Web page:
Armada shares a lot of the same DNA with Ready Player One. It’s a coming of age story and it’s filled with nostalgic references to geek culture but there are huge differences as well. While Ready Player One has a leisurely pace allowing you to soak up the dystopian near future and really settle into the characters Armada barrels through the narrative like an out of control freight train. You never get a chance to take a breath, the characters don’t either. That’s part of the tension of the story. Zack never gets to fully process information that’s presented to him and is forced over and over to make decisions which out the opportunity to fully reason out his options. Another big difference is the story structure. Ready Player One is a more contemporary story, where Armada follows beat for beat the classic hero’s journey even if it does hit the beats at a break neck pace.

That brings up one of the issues with Armada. Since it is so obviously following the classic hero’s journey motif it makes it difficult to not map the story out as you are reading it and predict the fate for certain characters and other plot points. At least for me though that is countered with a deep resonance with the story. Once you strip out the details this is a story that has been told so many times and in so many ways it is a part of us. It’s like wrapping yourself up on a chilly morning in your favorite blanket. It’s just comforting. Another difference between the two is in how skillfully Ready Player One and Armada weave in the pop culture references. Ready Player One managed to make nostalgia integral to the story. Armada tries but it just doesn’t integrate all of the movie and music references as well. Sure the video game stuff fits in perfectly but many of the music references especially seem a little forced.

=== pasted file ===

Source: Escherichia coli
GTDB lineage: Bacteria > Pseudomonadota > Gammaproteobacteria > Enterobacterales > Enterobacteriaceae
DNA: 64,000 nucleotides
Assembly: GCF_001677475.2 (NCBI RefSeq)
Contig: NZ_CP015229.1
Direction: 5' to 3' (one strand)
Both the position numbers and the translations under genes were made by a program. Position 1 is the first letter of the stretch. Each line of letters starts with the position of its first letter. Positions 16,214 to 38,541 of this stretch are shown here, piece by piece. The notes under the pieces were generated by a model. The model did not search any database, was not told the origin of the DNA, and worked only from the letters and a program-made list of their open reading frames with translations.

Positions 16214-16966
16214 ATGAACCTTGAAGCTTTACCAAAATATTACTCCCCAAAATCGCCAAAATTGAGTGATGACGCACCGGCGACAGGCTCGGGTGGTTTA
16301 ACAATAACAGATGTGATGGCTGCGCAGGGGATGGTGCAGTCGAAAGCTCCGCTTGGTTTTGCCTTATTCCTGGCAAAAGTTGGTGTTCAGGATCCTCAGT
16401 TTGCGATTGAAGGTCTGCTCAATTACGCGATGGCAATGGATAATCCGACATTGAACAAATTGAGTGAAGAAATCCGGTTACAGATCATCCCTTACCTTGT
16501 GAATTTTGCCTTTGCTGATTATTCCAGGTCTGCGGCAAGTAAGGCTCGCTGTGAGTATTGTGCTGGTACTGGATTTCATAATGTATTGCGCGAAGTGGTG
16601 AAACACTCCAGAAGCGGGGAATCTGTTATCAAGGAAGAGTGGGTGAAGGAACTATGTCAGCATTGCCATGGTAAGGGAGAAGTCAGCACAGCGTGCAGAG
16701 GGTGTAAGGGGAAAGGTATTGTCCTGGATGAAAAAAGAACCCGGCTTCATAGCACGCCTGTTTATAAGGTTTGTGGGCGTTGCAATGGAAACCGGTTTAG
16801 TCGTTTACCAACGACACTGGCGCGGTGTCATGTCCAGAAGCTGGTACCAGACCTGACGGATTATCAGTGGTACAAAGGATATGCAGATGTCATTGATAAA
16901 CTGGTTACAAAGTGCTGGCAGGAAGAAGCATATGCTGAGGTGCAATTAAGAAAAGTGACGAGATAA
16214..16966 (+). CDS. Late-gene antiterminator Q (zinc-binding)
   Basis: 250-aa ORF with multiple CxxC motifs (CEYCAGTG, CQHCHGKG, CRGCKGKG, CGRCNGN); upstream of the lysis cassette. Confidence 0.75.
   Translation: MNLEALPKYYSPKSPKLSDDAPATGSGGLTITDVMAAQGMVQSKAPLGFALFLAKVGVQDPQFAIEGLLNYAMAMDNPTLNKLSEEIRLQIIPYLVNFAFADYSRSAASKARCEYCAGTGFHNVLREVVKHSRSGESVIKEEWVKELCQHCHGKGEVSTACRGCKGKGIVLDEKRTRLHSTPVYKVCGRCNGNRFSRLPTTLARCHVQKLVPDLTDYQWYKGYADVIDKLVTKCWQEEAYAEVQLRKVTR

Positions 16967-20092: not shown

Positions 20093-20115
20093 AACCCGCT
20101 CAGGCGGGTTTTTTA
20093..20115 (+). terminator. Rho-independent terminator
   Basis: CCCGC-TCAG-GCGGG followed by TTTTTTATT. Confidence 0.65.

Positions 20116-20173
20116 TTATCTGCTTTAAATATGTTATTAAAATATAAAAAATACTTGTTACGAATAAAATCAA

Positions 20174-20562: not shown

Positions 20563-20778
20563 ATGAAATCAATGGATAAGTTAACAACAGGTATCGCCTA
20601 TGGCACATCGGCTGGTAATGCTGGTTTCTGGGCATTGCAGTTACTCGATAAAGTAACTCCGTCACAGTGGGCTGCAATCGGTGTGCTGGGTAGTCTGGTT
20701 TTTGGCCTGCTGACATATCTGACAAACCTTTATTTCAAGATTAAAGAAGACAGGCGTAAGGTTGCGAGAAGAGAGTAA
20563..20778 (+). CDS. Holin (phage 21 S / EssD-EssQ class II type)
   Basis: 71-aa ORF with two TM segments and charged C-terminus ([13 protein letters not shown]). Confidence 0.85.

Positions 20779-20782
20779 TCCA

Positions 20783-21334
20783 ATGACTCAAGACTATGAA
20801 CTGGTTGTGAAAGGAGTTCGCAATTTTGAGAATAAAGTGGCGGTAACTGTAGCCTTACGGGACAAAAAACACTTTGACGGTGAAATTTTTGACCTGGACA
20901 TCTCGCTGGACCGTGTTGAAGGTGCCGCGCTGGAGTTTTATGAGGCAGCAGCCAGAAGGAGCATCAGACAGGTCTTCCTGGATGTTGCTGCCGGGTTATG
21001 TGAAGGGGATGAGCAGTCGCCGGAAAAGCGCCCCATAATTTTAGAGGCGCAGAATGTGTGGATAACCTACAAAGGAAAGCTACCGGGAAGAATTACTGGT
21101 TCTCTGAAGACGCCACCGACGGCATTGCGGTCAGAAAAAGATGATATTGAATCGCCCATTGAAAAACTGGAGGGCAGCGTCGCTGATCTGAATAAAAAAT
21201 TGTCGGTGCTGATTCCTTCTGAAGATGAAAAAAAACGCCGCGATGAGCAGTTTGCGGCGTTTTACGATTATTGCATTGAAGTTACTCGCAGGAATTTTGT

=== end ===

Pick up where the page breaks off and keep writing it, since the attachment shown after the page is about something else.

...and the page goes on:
Perhaps the biggest difference between the two though is the moral and ethical choices that are forced on the protagonists. Right and wrong were pretty clear in Ready Player One, there wasn’t a great ethical dilemma facing the protagonists. It was a case of survive and beat the obvious bad guys. Zack doesn’t get off so easy in Armada. It’s not as obvious who the true bad guys are and how to deal with them. This is something that Zack has to wrestle with. I’ve read through Armada twice now and I still go back and forth wondering whether he made the right choice or not, or the more I think about it I find myself understanding that it’s not so much maybe about whether he made the right or wrong decisions but would I have made those decisions given the same information.

When I add everything up I find an interesting result. As a novel Armada doesn’t quite make it to the same level as Ready Player One, but I’m still thinking about Zack and his decisions. And just so you don’t think it’s because I’ve read Armada now twice in a month, I read Ready Player One again in between the Armada readings. I know I’m splitting hairs here but Ready Player One may be a better novel but Armada might be a better story. Regardless Armada is a novel definitely worth reading and thank you Ernest Cline for giving us a new world and new characters to get to know. Not that I wouldn’t have gobbled up a straight sequel to Ready Player One, but I’m glad you took a chance and gave us something entirely new.